Counterterrorism and risk management frameworks

This section explores practical aspects of risk management and steps your organisation can take to strengthen risk management policies and practices, while maintaining a principled approach. It endeavours to make risk management approaches accessible and understandable to a broad range of staff, including those who are field-based and responsible for programme implementation.

What is risk management?

Risk management is a process to help staff systematically think though what risks may arise in specific contexts and what can be done to mitigate these. It addresses the question of what organisations can do to make sure that as those most in need are assisted as much as possible in a principled manner, despite challenging contexts, by identifying, monitoring and tackling key risk factors.


  • Risk: Uncertainty, whether positive or negative, that may affect the outcome of an activity or the achievement of an objective
  • Risk management: a cycle of identifying and assessing risks, assigning ownership of them, taking action to anticipate and mitigate them, and monitoring and reporting progress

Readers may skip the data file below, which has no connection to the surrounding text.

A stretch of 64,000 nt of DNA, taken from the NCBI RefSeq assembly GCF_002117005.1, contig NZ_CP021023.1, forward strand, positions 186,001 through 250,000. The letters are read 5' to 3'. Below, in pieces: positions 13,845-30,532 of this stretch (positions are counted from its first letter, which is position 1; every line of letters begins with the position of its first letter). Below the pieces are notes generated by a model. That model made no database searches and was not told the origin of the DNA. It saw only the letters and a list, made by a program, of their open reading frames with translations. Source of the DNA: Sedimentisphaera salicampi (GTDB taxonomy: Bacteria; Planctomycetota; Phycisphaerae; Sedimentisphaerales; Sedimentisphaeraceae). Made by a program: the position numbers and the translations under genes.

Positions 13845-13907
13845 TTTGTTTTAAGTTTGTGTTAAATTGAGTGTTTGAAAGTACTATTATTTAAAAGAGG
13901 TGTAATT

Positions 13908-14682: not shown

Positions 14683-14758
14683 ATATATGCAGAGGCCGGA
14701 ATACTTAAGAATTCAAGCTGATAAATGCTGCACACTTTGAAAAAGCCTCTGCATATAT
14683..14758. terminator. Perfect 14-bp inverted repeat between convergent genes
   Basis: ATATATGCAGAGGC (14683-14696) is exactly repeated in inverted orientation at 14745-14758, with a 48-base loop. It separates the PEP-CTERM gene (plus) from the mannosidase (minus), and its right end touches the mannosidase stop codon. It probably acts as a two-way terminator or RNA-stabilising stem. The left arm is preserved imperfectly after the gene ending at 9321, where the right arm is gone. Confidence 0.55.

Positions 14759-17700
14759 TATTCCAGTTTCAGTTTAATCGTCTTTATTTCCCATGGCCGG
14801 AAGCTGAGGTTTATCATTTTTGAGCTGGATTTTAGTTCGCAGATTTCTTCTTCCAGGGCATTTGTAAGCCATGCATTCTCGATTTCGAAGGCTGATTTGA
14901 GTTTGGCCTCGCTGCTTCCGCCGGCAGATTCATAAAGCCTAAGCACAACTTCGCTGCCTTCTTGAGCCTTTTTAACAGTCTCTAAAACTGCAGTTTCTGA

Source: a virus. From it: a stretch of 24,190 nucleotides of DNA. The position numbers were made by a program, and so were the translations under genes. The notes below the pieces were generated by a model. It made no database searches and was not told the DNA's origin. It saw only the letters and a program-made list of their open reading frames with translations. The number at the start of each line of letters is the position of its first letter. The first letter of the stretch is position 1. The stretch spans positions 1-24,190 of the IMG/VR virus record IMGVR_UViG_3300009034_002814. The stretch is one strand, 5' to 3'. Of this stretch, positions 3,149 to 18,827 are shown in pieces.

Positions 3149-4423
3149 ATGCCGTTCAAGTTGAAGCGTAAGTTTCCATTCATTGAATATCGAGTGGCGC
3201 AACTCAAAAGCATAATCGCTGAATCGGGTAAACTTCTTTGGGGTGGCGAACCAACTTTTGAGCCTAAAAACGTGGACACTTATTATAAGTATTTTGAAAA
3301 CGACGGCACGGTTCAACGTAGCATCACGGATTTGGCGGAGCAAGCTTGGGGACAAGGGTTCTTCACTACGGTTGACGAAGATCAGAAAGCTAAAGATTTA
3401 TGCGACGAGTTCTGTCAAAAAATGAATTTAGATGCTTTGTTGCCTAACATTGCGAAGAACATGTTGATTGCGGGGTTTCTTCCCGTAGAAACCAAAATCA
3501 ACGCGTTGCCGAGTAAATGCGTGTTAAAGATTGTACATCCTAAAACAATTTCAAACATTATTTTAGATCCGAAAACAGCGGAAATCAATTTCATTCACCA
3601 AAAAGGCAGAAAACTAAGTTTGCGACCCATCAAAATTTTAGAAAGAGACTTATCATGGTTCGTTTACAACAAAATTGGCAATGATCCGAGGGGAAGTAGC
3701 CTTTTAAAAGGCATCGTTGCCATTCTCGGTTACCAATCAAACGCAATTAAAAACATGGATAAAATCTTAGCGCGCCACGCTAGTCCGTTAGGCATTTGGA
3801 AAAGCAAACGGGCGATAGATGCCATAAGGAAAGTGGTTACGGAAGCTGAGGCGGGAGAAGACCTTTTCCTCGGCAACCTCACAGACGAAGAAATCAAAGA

Why use a risk management framework?

Owing to the nature of the environments they work in, staff of humanitarian organisations constantly manage risk. Where this is done in an ad-hoc manner there may be gaps and inconsistencies in the way risks are identified and managed. In order to prevent this, organisations should consider adopting a framework to establish clear processes for identifying and managing risks. Counterterrorism issues should feature strongly within this framework. The key components of a risk management framework are outlined in this section. Where an organisation does not have a clear risk management approach in place staff and teams can still apply these risk management processes to the contexts they work in to address CT issues.

Risk Description
Operational Inability to achieve objectives
Security Violence or crime
Safety Accident or illness
Fiduciary Misuse of resources, including fraud, bribery and theft
Information Data loss, breaches or misuse
Legal/compliance Violation of laws and regulations
Reputational Damage to integrity or credibility
Operational Inability to achieve objectives
Ethical Insufficient application of the humanitarian principles and duty of care, lack of adherence to organisational values and mandate